Electric cooperatives are private, independent electric utilities, owned by the members they serve. Democratically governed businesses, electric cooperatives are organized under the Cooperative or Rochdale Principles, anchoring them firmly in the communities they serve and ensuring that they are closely regulated by their member/owners.
To give you a better understanding of the important role cooperatives provide to their communities, we have compiled information for you about cooperative history, their principles and our efforts in creating new co-ops.
Rural cooperatives in America govern and operate based the Rochdale Principles, which are a general statement of how a cooperative operates (as opposed to traditional investor owned utility). The Rochdale Principles were first set out by the Rochdale Society of Equitable Pioneers in Rochdale, England, in 1844 and have formed the basis for the principles on which cooperatives around the world operate to this day.
1st Principle: Voluntary and open membership
Cooperatives are voluntary organizations, open to all persons able to use their services and willing to accept the responsibilities of membership, without gender, social, racial, political, or religious discrimination.
2nd Principle: Democratic member control
Cooperatives are democratic organizations controlled by their members, who actively participate in setting their policies and making decisions. Men and women serving as elected representatives are accountable to the membership. In primary cooperatives members have equal voting rights (one member, one vote) and cooperatives at other levels are organized in a democratic manner.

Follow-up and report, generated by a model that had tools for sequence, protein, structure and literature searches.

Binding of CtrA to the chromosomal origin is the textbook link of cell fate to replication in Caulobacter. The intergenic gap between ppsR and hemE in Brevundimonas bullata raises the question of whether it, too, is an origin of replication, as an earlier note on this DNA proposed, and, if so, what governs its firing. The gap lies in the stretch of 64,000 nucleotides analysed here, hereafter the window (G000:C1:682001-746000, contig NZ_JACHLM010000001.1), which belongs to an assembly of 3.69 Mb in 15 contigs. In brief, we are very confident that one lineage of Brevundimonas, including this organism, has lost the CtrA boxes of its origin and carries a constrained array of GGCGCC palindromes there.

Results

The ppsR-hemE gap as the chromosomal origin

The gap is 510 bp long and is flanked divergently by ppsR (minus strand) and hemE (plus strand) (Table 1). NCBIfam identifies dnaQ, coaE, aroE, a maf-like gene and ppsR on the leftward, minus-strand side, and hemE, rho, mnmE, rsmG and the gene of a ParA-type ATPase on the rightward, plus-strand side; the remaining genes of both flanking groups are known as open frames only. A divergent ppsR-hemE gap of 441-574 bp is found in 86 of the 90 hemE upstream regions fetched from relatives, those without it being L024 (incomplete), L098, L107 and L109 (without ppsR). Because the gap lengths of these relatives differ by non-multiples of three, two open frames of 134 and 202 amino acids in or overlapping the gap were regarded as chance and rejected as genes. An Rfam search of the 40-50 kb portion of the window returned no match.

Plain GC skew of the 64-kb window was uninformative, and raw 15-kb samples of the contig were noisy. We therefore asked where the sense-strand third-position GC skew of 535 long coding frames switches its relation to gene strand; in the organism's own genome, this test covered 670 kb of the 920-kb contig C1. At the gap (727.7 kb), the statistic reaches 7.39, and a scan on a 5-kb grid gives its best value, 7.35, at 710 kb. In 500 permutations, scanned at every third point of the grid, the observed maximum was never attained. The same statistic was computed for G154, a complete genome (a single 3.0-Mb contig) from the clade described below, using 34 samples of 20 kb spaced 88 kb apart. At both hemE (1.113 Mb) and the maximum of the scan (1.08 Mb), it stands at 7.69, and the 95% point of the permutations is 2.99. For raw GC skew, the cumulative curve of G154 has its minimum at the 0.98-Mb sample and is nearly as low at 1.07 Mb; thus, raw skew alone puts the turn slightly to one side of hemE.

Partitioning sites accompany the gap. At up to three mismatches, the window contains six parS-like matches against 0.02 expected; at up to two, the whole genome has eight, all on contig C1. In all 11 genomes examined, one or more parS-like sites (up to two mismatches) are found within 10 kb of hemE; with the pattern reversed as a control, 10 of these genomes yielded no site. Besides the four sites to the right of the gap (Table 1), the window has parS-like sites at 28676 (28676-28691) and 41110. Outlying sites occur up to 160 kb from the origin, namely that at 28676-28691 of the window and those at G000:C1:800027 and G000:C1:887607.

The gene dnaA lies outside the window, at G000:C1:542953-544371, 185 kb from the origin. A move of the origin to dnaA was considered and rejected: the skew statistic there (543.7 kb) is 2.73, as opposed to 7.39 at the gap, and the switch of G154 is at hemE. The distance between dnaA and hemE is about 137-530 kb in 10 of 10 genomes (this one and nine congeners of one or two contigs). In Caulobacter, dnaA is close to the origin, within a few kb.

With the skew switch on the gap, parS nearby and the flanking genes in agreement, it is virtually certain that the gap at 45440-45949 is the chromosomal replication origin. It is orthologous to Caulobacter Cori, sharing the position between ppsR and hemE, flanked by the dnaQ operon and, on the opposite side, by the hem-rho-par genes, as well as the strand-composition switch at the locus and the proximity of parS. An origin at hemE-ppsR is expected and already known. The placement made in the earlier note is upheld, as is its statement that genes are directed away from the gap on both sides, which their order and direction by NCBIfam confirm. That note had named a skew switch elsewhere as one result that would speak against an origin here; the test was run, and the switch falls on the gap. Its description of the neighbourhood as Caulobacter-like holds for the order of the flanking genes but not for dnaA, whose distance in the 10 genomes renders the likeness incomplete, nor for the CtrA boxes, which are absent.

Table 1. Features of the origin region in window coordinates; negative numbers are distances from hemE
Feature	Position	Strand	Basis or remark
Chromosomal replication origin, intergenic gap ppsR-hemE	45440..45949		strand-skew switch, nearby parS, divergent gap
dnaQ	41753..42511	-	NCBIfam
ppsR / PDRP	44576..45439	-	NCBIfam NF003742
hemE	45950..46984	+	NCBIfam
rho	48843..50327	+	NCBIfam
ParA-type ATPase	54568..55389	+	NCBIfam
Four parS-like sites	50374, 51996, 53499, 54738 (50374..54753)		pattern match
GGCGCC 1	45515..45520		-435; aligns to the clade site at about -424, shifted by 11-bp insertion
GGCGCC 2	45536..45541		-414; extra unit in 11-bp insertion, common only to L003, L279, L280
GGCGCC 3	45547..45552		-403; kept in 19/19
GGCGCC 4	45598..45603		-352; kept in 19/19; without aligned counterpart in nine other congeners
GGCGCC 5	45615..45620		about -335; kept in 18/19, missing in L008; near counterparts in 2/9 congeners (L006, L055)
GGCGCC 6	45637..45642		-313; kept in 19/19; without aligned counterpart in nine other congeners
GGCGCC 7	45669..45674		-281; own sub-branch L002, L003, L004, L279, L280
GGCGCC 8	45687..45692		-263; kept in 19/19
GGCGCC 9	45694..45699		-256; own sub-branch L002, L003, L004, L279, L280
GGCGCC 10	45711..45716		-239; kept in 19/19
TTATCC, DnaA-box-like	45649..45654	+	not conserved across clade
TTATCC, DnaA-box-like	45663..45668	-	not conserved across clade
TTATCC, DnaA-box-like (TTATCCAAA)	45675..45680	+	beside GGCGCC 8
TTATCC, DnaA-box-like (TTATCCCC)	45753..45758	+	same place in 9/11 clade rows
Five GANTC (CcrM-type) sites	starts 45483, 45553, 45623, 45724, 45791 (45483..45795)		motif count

3rd Principle: Member economic participation
Members contribute equally to, and democratically control, the capital of their cooperative. At least part of that capital is usually the common property of the cooperative. They usually receive limited compensation, if any, on capital subscribed as a condition of membership. Members allocate surpluses for any and all of the following purposes: developing the cooperative, possibly setting up reserves, part of which at least would be indivisible; benefiting members in proportion to their transactions with the cooperative; and supporting other activities approved by the membership.
4th Principle: Autonomy and independence
Cooperatives are autonomous, self-help organizations controlled by their members. If they enter into agreement with other organizations, including governments, or raise capital from external sources, they do so on terms that ensure democratic control by their members and maintain their cooperative autonomy.
5th Principle: Education, training, and information
Cooperatives provide education and training for their members, elected representatives, managers, and employees so they can contribute effectively to the development of their cooperatives. They inform the general public -- particularly young people and opinion leaders -- about the nature and benefits of cooperation.
6th Principle: Cooperation among cooperatives
Cooperatives serve their members most effectively and strengthen the cooperative movement by working together through local, national, regional, and international structure.
7th Principle: Concern for community
While focusing on member needs, cooperatives work for the sustainable development of their community through policies accepted by their members.